That’s an astonishing remark — and not just because the National Football League does, in fact, have pay caps. Tech firms don’t crash the whole world’s operating system when they go bankrupt; quarterbacks who make too many risky passes don’t have to be rescued with hundred-billion-dollar bailouts. Banking is a special case — and the president is surely smart enough to know that.

Surely? I wouldn’t bet on it, given the growing amount of evidence to the contrary. And the special case of banking is irrelevant anyhow. The reason why we’re going to cap banking compensation and not the compensation of entrepeneurs and NFL players is that entrepeneurs and NFL players actually create value. They’re not being kept out of insolvency by forced contributions from the American taxpayer. No industry that receives hundreds of billions of taxpayer money should be permitted to pay more than the average American income in salary to its executives, much less the $18 billion in bonuses that was paid out in 2008.

And if those limits mean that banksters will stop banksting as they occasionally threaten, that’s great! The truth is America’s banksters don’t deserve a cap in their compensation so much as they merit a cap in their fat collective asses.

This comment from a Calculated Risk reader made me laugh: “That is truly one heartbreaking statement of staggering stupidity straight out of the mouth of the man who has finished shattering any hope I had that we could steer this ship back on course. I will and must admit, that I was totally taken in, hook line and sinker by this fraud. Im quite disappointed in myself, although my only other option would have been to not vote at all.”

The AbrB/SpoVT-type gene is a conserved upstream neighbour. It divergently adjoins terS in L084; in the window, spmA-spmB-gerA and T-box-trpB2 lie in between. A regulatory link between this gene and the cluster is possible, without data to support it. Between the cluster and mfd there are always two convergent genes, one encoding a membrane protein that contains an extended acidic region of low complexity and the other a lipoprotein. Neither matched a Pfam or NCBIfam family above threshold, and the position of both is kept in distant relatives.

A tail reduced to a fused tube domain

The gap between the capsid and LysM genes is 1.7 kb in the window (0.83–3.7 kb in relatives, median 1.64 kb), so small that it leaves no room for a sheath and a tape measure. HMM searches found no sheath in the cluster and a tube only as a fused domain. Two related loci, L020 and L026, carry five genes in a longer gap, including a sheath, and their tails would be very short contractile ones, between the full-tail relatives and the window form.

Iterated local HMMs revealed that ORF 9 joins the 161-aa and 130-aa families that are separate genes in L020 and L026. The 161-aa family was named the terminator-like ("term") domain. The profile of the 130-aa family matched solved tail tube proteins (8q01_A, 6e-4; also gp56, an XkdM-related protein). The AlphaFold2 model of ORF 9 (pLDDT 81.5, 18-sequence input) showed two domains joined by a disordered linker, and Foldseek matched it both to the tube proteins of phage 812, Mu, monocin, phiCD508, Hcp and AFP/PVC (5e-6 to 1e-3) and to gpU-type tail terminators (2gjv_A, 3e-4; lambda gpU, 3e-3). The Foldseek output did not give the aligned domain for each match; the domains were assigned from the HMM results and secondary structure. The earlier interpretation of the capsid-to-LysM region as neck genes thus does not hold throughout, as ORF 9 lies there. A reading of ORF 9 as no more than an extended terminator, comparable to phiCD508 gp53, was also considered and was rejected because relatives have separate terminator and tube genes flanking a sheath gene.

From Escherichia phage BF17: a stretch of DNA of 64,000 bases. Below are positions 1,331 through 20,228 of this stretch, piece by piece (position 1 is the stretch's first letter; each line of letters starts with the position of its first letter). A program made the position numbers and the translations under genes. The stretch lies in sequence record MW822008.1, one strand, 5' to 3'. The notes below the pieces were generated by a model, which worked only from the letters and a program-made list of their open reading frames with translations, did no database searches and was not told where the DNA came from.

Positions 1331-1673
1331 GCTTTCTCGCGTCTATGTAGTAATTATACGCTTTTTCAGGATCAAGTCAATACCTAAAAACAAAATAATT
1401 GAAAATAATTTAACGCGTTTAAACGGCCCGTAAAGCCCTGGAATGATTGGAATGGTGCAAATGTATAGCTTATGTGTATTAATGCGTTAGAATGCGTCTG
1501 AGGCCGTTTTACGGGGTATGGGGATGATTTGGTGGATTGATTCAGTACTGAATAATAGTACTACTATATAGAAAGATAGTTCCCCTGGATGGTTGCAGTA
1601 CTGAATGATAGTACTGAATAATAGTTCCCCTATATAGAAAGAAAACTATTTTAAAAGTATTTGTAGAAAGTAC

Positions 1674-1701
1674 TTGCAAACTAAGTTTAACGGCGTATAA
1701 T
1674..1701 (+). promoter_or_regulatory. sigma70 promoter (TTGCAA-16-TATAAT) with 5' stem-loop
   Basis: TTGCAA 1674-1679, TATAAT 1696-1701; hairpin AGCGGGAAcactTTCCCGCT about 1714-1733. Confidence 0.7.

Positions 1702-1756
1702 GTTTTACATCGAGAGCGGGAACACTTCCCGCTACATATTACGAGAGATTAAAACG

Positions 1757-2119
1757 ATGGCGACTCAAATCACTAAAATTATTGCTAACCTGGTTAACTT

Well, better late than never. He is far from the only disenchanted Obama voter. I assume we can soon look forward to Obama attempting to demonstrate that he’s a big NFL fan… with about the same success he had with his bowling.

WND column

Bernanke’s ‘Essays’

“It should also be emphasized, though, that not just the existence of financial difficulties during the 1920s but also the policy response to those difficulties was important. Austria is probably the most extreme case of nagging banking problems being repeatedly “papered over.” That country had banking problems throughout the 1920s, which were handled principally by merging failing banks into still-solvent banks. An enforced merger of the Austrian Bodencreditanstalt with two failing banks in 1927 weakened that institution, which was part of the reason that the Bodencreditanstalt in turn had to be forcibly merged with the Creditanstalt in 1929. The insolvency of the Creditanstalt, finally revealed when a director refused to sign an “optimistic” financial statement in May 1931, sparked the most intense phase of the European crisis.”

– Ben S. Bernanke, “Essays on the Great Depression,” p. 96.

One of the benefits of having an intellectual at the helm of the Federal Reserve during this ongoing economic crisis is that intellectuals tend to leave a paper trail. Bernanke, famous for being a student of the Great Depression, is without question very well-informed on the relevant historical issues. His book reveals an intelligent and scholarly mind that does not shirk from the details but, rather, leaps without hesitation into statistical analysis of the most technical economic minutiae. The book simply wallows in charts, equations and log changes; the net result is impressive, especially when compared with his predecessor’s lightweight, revisionist chronicle, “The Age of Turbulence.”